By Justin Sondel
Niagara Gazette — Officials from the New York State Department of Environmental Conservation were out on the streets of Niagara Falls on Tuesday checking diesel truck emissions as part of "Earth Week."
Law enforcement officials and members of the agency's air quality team used smoke opacity meters to test emissions from trucks in a parking lot off Niagara Falls Boulevard. Officers from the DEC were pulling over trucks that appeared to be throwing off high amounts of black smoke from their smoke stacks.
In the parking lot, DEC officials stuck the long beak of the smoke opacity monitor directly into the emission pipe while the driver revved the engine three times. The machine then averaged the three readings and printed out a report that slowly emerged on receipt paper from a grey box with various knobs and buttons.
James Schultz, a lieutenant with the DEC police, said his office conducts one or two organized details in the six-county region each month in an effort to make sure that the trucks traveling the roads are in compliance.
"We try to pick an area that's got heavy truck traffic so that we can sit in a spot and observe trucks as they take off under power, because that's usually when you're going to see emissions," Schultz said.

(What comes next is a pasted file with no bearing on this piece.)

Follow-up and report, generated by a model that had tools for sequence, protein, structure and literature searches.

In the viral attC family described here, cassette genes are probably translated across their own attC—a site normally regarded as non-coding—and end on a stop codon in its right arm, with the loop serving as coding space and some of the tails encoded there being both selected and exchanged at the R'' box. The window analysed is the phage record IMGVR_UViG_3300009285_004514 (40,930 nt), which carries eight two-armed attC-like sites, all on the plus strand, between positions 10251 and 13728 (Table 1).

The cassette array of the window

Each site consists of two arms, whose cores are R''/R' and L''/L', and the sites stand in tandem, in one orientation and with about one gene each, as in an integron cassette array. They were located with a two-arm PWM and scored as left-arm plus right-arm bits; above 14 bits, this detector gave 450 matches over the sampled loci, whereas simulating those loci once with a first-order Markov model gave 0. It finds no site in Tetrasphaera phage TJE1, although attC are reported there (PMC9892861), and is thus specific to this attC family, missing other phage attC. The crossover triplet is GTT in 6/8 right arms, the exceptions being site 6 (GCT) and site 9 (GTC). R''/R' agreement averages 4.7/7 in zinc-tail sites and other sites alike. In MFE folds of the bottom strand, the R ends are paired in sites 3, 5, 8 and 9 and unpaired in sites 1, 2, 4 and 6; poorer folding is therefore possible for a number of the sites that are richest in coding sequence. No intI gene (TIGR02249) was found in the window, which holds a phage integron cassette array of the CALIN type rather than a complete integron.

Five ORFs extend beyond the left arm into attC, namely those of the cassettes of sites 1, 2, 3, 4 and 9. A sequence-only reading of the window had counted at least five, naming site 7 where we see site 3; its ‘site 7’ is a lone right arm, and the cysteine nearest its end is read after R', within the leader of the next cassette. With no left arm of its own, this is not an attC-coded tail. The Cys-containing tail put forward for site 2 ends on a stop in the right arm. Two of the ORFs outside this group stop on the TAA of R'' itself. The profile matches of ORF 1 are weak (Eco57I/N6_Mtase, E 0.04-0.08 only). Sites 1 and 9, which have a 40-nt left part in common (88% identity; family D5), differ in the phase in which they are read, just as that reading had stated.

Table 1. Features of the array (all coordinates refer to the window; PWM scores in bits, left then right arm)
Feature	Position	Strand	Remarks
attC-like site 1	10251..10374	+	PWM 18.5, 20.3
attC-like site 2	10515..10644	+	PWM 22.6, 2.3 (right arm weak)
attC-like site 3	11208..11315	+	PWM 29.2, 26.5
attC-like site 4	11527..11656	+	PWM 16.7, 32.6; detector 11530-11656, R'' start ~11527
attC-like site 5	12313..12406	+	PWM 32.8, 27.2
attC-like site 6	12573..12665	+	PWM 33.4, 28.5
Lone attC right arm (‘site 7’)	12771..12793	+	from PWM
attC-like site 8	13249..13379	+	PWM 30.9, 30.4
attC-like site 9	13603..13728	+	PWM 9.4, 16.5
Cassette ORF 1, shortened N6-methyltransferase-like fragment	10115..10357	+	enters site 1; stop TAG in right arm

The two trucks that were stopped while a Gazette reporter was observing the operation both passed their emissions tests, falling below the 40 percent smoke density mark set forth for trucks manufactured in 1991 or afterward.
Fines for trucks that test outside the agency's standards are fined $700 for a first offense and $1,300 for a second offense. Companies are given the opportunity to reduce those fines if they fix the trucks and have them tested again.
Shultz said Tuesday's detail was part of the state's eco-quality initiative.
"The initiative is just an effort to make sure that the trucks that are out here are in compliance with the regulations," Schultz said. "We're looking for idling diesels at certain spots but this test today is more for emissions involving those trucks."
Richard Gage, an air quality expert for the DEC, said that the 40 percent threshold is high, but that legislators set lenient standards to target "gross emitters."
"When they wrote (the law) trucks were either very clean or very dirty," Gage said. "So they went after the very dirty."
Gage, who has worked in the air quality unit for 14 years, said he has seen diesel truck emissions drastically reduced during his tenure with the agency.
Newer trucks, which have been equipped with emissions control devices since 2004, emit little to no smoke, he said.
"Before that there was nothing," Gage said. "Whatever came out went into the air."Contact reporter Justin Sondel at 282-2311, ext. 2257